Acute Musculoskeletal conditions


The underlying cause of the pain should be treated whenever possible

  • Step 1 — paracetamol
  • Step 2 — paracetamol should be substituted with ibuprofen (if suitable) or weak opioid (codeine)
  • Step 3 — paracetamol should be added to ibuprofen or the weak opioid
  • Step 4 — paracetamol should be continued and ibuprofen replaced with an alternative NSAID (naproxen)
  • Step 5 — a weak opioid (codeine) should be started in addition to paracetamol and/or a NSAID (naproxen)

How to deal with medication requests for pain relief:

Find out:

  1. How long patient has had the medication (paracetamol/codeine/ibuprofen/naproxen) 
  2. Whether condition is getting better/staying the same/getting worse
  3. Are there any red flags

If resolving but just not better yet

<6 weeks after acute pain initiation

continue to prescribe and send AccuRx message: 

New MSK Pain < 6 week AccuRx message: 

I have issued your prescription for your pain medication. Evidence shows that most new injuries, aches, & pains will improve within 6 weeks with the simple steps in this link:

New back pain <6 weeks AccuRx message: 

I have issued your prescription for your pain medication. To know when you should seek urgent help for your back pain watch this video otherwise here's some good advice on how to help your back pain

>6 weeks after acute pain initiation

MSK Pain >6 week AccuRx message: 

I have issued a prescription for your pain medication. As your pain has been with you for over 6 weeks you can now self-refer for physiotherapy via this website:

Back Pain >6 weeks:

send AccuRx message above and consider filling out Keele STart Back Screening tool for chronicity - identifies patients with low back pain (LBP) at risk of a worse prognosis of persistent disabling back pain, and thereby facilitates triage to appropriate treatment level. If high risk then needs referal to FCP or clinician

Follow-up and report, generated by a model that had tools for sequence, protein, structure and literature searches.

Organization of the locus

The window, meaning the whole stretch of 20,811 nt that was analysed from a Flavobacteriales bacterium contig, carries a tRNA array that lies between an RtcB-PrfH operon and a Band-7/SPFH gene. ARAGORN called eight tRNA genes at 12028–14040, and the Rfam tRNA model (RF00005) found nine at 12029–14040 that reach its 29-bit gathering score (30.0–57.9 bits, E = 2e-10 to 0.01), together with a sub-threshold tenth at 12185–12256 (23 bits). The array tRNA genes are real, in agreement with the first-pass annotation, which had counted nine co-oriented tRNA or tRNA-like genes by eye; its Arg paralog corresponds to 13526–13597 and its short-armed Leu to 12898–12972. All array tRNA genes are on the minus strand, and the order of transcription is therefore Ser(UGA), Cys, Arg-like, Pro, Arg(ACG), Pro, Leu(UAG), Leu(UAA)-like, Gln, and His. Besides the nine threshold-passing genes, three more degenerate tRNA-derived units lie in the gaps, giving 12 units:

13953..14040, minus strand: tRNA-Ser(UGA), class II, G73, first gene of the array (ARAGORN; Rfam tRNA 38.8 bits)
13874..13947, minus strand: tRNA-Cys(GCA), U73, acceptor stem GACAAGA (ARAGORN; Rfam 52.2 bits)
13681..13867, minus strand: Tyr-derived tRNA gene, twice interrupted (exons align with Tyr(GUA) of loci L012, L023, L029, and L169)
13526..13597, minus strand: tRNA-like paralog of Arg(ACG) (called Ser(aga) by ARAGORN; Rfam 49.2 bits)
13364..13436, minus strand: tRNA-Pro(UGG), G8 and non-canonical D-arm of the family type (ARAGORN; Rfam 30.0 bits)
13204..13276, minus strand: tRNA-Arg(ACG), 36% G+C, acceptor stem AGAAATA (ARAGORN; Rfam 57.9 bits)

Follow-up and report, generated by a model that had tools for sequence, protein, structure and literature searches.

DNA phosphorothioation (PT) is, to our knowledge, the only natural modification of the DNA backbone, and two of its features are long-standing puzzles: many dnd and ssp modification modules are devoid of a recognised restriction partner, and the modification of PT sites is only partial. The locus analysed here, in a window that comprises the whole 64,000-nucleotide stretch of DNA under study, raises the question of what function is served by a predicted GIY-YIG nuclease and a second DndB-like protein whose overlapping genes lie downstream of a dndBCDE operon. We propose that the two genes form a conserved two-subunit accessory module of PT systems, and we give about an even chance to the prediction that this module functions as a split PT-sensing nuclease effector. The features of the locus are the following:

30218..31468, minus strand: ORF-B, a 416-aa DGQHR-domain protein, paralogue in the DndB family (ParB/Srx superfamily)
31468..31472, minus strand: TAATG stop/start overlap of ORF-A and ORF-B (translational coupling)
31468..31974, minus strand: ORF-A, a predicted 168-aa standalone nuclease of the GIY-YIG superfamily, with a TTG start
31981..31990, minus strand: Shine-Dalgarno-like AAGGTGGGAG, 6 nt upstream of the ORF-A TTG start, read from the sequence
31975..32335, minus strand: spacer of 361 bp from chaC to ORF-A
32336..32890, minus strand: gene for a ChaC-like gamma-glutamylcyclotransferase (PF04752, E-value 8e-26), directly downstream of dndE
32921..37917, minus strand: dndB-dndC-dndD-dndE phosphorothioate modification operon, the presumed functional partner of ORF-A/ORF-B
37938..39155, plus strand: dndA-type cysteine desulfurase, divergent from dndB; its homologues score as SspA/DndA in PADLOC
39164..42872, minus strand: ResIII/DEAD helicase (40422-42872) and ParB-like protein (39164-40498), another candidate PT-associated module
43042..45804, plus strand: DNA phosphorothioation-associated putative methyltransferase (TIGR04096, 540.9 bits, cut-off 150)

Chronic user of pain medication >12 weeks

continue to prescribe and check if they have been advised to self refer to chronic pain clinic, if not then send AccuRx message: 

Chronic pain (>12 weeks) clinic self-referal:

I have issued a prescription for your pain medication. Persistent pain (also sometimes called chronic pain) refers to pain that last beyond 3-6 months. The Community Persistent Pain Service offers the chance to explore strategies to live a more meaningful with pain rather than a cure. You can self refer to this service via

If they have already been sent this referal link, ask if they have refered


If acute presentation and not improving

issue medication and book in for appointment with FCP to discuss onwards referral

If acute and worsening

send task to triage team to book in urgent appointment within the week with an FCP or clinician

If suggestive for Red flags evolution

discuss with Clinical Lead then and there or direct the patient to A&E

Acute MSK Indications


Time to heal



Rotator Cuff tendonitis or small tear

2-4 weeks (upto several months)

Rest, ice and physical therapy are ways to help heal faster. For physical therapy please see this link


Plantar Fascitis

Most people will make a complete recovery within a year

Rest the foot (by avoiding standing or walking for long periods) where possible

Wear shoes with good arch support and cushioned heels (such as laced sports shoes)

Avoid walking barefoot

Consider purchasing insoles and heel pads to insert in their shoes, with the aim of correcting foot pronation. Advise that 'magnetic' devices should be avoided

Lose weight if overweight or obese


paracetamol & NSAIDs

Icepack, self-physiotherapy

If still symptomatic after a few months of above refer to podiatrist / physiotherapist 

If still symptomatic refer to orthopedic or podiatric surgeon

Can consider steroid injection

Back pain: Torn Disc / Herniated disc / Prolapsed disc

Up to a year Exercise - pilates no vigorous  


Pain medication - neuropathic antiniflammatory antspasmodic 

Amitriptiline 10mg to 70mg 






Commonly, a grade 1 sprain can take one to three weeks for recovery, a grade 2 can take three to six weeks, and a grade 3 recovery can last several months.


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